“This is accelerating the demise,” said Kevin Tynan, an analyst with Bloomberg Intelligence. “We were never into them anyway, and with alternatives like hybrids and electric vehicles, there just isn’t much of a reason to sell them.”
GM is just the latest automaker to face a civil lawsuit claiming that its diesel engines use software to meet clean-air rules while the engines pollute at higher levels. The law firm suing GM, Hagens Berman, has also sued Daimler AG, Fiat Chrysler Automobiles NV and Volkswagen, which must pay $24.5 billion in government penalties and consumer givebacks for cheating on diesel emissions.
Read more at: GM Suit Digs a Deeper Grave for Diesel – Bloomberg
Guy Kovner, THE PRESS DEMOCRAT
Restoring salmon in the Russian River and protecting the North Coast from oil rigs — two long-standing campaigns with broad public support — are among the goals likely to be challenged if not stifled by the sharp right turn of Donald Trump’s administration, environmental advocates and Democratic lawmakers said.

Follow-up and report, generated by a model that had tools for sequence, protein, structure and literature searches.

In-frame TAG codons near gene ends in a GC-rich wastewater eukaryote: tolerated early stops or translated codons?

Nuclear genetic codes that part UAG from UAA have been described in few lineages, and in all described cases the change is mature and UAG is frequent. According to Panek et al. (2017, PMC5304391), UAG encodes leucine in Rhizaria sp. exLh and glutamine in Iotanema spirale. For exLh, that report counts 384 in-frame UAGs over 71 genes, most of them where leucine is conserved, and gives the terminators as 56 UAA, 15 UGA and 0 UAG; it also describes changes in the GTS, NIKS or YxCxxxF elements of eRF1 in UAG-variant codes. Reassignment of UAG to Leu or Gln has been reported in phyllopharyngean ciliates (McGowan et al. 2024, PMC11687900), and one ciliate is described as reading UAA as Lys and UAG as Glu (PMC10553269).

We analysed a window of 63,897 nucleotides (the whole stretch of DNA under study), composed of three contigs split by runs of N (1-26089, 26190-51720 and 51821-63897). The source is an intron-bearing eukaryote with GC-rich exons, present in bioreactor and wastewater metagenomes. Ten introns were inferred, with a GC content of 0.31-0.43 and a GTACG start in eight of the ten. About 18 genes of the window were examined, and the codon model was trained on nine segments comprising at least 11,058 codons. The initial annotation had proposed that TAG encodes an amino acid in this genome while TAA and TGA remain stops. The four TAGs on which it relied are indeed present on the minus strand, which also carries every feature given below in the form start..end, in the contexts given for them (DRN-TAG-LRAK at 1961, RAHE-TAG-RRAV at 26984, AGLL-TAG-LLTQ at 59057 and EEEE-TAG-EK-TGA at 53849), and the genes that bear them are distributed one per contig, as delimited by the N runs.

More broadly, the environmental camp fears that landmark legislation, including laws that protect endangered species, clean air and water, are imperiled by Republican control of the House and Senate with an avid deregulation partner in the White House.
The harbingers, they say, include Trump’s trail of tweets and speeches asserting that climate change is a hoax and his post-election appointments of a California water district lobbyist and a prominent climate change denier to head his transition teams at the Environmental Protection Agency and the Interior Department, respectively.